We can all make a real difference in our community. At 16, 22, 40 or 70. Health is a privilege. Helping people who are struggling is a responsibility. That’s the reason I give back and why I try every day to get other members of my generation to do the same. Happy National Philanthropy Day to everyone out there who brings opportunities to life through their drive and determination!

I got my first taste of philanthropy when I was 16, as a high-school student at Collège Saint-Sacrement. That’s when my good friend, Raphaële Maltais, and I were put in charge of our school’s contributions to the Sainte-Justine Private Schools Youth Challenge, an initiative of the CHU Sainte-Justine Foundation. The funds we raised went to supporting Sainte-Justine’s trauma care unit.

Over the course of several weeks, after a lot of time and hard work, our school raised over $92,000. You can imagine how proud I was to announce this result: I’m very competitive by nature and I love a good challenge! But I’ll admit I hadn’t yet appreciated the full extent of what had just happened.

Not too long after that, Raphaële and I had the chance to visit the Marie Enfant Rehabilitation Centre, where we saw for ourselves everything that the donations to the Sainte-Justine Private Schools Youth Challenge made possible in terms of acquiring high-tech equipment and all of the incredible benefits for the families and the teams of healthcare professionals.

Seeing up close how much of an impact my efforts had is what changed everything. That’s when I really caught the philanthropy bug.

One opportunity after another sprung up after that: I took part in a focus group to rethink the Sainte-Justine Private Schools Youth Challenge, sat on a philanthropy panel and helped to host the closing ceremonies of the Foundation’s Healing More Better campaign.

Djammy Charles credit Genevieve Giguere
Djammy Raphaele cloture PMG2 credit G Giguere 2446 2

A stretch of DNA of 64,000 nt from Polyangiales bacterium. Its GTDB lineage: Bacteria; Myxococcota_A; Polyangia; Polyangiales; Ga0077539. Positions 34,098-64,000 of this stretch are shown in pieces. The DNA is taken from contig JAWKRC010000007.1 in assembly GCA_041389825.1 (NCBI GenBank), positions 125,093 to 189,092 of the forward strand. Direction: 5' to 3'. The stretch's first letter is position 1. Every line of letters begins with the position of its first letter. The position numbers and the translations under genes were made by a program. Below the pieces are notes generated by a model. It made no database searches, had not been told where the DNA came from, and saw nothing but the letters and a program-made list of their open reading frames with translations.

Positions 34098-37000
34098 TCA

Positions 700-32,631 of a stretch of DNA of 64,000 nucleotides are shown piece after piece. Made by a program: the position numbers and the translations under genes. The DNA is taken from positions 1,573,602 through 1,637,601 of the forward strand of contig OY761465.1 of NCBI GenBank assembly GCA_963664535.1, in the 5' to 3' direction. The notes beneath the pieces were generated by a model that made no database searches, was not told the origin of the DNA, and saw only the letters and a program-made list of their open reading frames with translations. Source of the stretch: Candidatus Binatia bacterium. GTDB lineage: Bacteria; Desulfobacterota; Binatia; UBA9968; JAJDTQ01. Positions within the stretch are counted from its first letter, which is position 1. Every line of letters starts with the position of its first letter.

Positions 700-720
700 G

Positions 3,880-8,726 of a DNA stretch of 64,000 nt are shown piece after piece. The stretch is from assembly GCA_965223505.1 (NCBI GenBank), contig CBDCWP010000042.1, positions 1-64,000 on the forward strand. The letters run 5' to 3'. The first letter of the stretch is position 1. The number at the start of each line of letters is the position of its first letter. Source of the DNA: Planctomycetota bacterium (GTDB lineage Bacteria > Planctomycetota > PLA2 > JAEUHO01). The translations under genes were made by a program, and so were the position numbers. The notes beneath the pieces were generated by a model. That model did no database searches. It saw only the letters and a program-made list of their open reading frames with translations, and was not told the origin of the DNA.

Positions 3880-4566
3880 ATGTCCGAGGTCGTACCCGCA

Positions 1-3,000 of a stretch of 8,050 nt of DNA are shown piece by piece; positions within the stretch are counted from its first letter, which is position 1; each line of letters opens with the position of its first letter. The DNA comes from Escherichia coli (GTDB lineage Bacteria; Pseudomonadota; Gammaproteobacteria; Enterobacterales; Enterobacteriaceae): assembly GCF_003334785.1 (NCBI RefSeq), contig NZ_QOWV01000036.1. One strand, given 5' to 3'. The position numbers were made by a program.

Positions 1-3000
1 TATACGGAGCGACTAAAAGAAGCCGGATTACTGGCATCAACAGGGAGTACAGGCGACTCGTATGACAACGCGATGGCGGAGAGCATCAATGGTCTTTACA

Djammy Raphaele cloture PMG2 credit G Giguere 2446 3
Djammy Raphele Cloture PMG credit G Giguere

These were amazing learning experiences for Raphaële and me. We even won the 2017 Award for Outstanding Youth in Philanthropy in the Under 18 category from the Quebec chapter of the Association of Fundraising Professionals. All this also meant that we knew we would continue to be there for Sainte-Justine, for as long as they needed us!

These days, I’m a student at HEC Montréal, and I’m still an active volunteer. In March 2020, when the pandemic hit and put all of the CHU Sainte-Justine Foundation’s events on hold, I rolled up my sleeves. I contacted the HEC Montréal student association (AEHEC) to ask them to support Sainte-Justine. They were kind enough to accept and issued a $10,000 cheque to the Foundation.

As I have become more influential in my student community, I have been able to turn the partnership between AEHEC and the CHU Sainte-Justine Foundation into a more formal arrangement. As a result of these efforts, HEC Montréal’s Humanitarian Week decided to make the CHU Sainte-Justine Foundation its recipient charity. Total student donations came to $132,000 in 2021 and $139,000 in 2022.


In 2020 and 2021, I had the honour of mentoring students through the Fédération des établissements d’enseignement privés (FEEP) in connection with the Sainte-Justine Youth Tree of Lights campaign. My goal was to motivate and guide schools in their fundraising efforts. I was even interviewed by Rythme to get the Youth Tree of Lights message out to the public. Today, I’m incredibly proud to see that FEEP students are back at it for a third year in a row as part of the campaign running now until November 27, 2022.

This isn’t meant to be a list of the times I helped out with a CHU Sainte-Justine Foundation campaign. What I’m really trying to get across here is that, without the help of my peers, none of this would have been possible. The fact that thousands of students at the high-school and university level did their part is what has fuelled, and I hope will continue to fuel, this momentum among our young people. Together, we can change the world!

The way I see it, there’s nothing more powerful than youth helping youth. Young people who give back to the community are a source of hope for the future. They realize that they can be the change and make the change they want to see in the world.

Djammy Charles

*The remarks expressed in this article reflect the opinion solely of the author and should not be considered as representative of the CHU Sainte-Justine Foundation.